You want me to eat what now?

Let’s say I tried to serve you a plate of dog poop for dinner. Obviously, you’d refuse it. What if I covered it up with whipped cream and chocolate sauce? I’m sure you still wouldn’t eat it knowing what was inside. Or perhaps if I offered you a billion dollars? Maybe? Okay, but does that change the fact that it’s poop, though?

The idea of a totalitarian government keeps getting sugar-coated and sold to appear palatable. But no matter how much they try to dress it up, it will always be a pile of… well, you know. Legendary men and women in history are the ones who took a stand and said, “No way am I eating that EVER, not even a little bit” and they are our heroes for it. They were called insubordinate and divisive by their adversaries. Today, those of us trying to carry their torch are described as close-minded, racist, facist, bigots, deplorables, and conspiracy theorists. A firm grasp on what we are fighting against, for and why is essential if we are to carry on. (if you missed it, you may also want to check out Erika’s most recent post and call to action!)

The Ancient Egyptians

So what does a totalitarian government look like? We don’t have to use our imagination here. There are many, many examples in history of it. The one that has me particularly fascinated right now is the 2000-year-reigning political and religious order of the Ancient Egyptians. Much of my insight into this provocative ancient culture is due to this excellent homeschool resource called Navigating the Worldviews of Egypt (book and DVD on sale for $20, I highly recommend it!):

Ancient Egyptian society was built just like its famous monuments: in the shape of a pyramid. The god-king pharaoh was at the top with no one to limit his power. Interestingly, they viewed time as one continuous cycle, starting over with each new pharoah. Rather than moving in a linear direction of progress for humankind, they seemed to prefer a giant hamster-wheel, spinning and spinning but never going anywhere. To preserve their pristine way of life, total submission and conformity was required from each citizen. Sounds oppressive? That’s because it was. 

But hold on a minute! In exchange for decades of slave-like physical labor and perfect submission to strictly defined religious rituals and artistic expression, it appears as though the working-class citizens of Egypt lived secure and comfortable lives. Ancient Egyptians believed they were far superior than their neighbors and took great pride in their culture. And while their short time on earth was a hamster wheel, they were promised an eternal reward in the “afterlife” for being a good citizen – the cherry on top! Doesn’t that sound wonderful now?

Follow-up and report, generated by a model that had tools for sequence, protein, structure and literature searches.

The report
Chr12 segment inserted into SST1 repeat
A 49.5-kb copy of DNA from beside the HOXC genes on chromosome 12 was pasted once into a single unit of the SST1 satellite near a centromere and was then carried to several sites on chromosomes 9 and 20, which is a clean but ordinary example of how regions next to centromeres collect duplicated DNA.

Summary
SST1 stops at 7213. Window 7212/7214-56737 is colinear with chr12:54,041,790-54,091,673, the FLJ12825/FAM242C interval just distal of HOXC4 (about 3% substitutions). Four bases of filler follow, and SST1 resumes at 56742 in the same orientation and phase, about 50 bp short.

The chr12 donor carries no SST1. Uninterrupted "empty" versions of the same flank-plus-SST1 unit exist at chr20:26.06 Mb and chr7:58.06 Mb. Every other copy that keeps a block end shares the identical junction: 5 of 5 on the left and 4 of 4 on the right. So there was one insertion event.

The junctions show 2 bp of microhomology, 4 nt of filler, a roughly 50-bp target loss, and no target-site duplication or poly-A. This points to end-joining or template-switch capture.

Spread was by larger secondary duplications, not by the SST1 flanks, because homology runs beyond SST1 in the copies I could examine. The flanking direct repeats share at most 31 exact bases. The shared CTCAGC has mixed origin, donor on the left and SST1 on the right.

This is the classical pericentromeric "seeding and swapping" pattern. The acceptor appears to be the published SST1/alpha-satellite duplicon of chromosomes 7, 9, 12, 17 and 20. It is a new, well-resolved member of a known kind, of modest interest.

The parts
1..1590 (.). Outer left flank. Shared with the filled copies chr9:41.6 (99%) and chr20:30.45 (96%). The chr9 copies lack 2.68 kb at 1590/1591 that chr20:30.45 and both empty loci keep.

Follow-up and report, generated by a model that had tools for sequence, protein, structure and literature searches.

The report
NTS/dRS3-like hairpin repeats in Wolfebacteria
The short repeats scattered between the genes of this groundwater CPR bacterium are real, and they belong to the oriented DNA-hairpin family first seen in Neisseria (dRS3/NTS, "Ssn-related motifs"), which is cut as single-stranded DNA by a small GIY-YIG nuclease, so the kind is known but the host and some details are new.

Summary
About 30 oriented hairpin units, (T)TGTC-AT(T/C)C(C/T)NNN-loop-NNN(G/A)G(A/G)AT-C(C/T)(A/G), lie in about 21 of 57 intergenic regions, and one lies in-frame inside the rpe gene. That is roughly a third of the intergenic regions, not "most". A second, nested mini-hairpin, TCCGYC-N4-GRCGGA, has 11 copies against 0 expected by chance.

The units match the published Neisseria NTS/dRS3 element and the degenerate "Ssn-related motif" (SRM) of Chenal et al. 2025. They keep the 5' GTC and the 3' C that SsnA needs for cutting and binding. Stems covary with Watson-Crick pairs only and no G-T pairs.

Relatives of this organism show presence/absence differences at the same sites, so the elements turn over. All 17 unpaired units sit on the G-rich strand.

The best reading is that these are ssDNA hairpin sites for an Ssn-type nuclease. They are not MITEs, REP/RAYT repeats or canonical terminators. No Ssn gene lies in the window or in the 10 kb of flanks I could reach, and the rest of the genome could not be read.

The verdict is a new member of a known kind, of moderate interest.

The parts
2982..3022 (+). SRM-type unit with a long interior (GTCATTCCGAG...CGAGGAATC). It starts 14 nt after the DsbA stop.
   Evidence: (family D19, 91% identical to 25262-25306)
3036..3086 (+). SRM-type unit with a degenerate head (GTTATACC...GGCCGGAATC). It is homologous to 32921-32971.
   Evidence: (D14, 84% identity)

Egyptian slaves had it made

Do a quick google search of “Were the Egyptian pyramids really built by slaves?” and you’ll find the ancient propaganda still packaging up this totalitarian civilization with a pretty bow:

“Slaves would never have been treated this well, so we think that these labourers were recruited from farms, perhaps from a region much further down the Nile, near Luxor. … The labourers would have been enticed by the mix of high-quality food and the opportunity to work on such a prestigious project.” –https://www.sciencefocus.com/science/were-the-egyptian-pyramids-built-by-slaves/ 

“These workers would have devoted their entire lives to the cause. While that doesn’t mean that there was no forced labor in the society, it does mean that there is no archaeological evidence that supports the notion that the slaves were subjected to consistent back-breaking work…These individuals adjusted quite well to Egyptian society, learned the language, and often married Egyptian women. Their ability to change into model Egyptian citizens often led to fantastic opportunities for slaves.” –https://www.historydefined.net/what-was-it-like-to-be-a-slave-in-ancient-egypt/ 

Fantastic opportunites for slaves? Hmm, something doesn’t smell right about that. Interesting how these articles failed to mention the political instructions passed down from father to son and future pharoah, Merikare, that reads, “A talker is a mischief-maker, suppress him, kill [him], erase his name, [destroy] his kinsfolk, suppress the remembrance of him and his partisans who love him…Bend the multitude and drive out hot temper from it.” (source) Best to leave that part out. 

Tyranny is evil, no matter what

Here’s what a few freedom-lovers have to say about these “fantastic opportunities for slaves”:

“The greatest tyrannies are always perpetuated in the name of the noblest causes.”

Thomas Paine

“Of all tyrannies, a tyranny sincerely exercised for the good of its victims may be the most oppressive. It would be better to live under robber barons than under omnipotent moral busybodies. The robber baron’s cruelty may sometimes sleep, his cupidity may at some point be satiated; but those who torment us for our own good will torment us without end for they do so with the approval of their own conscience.”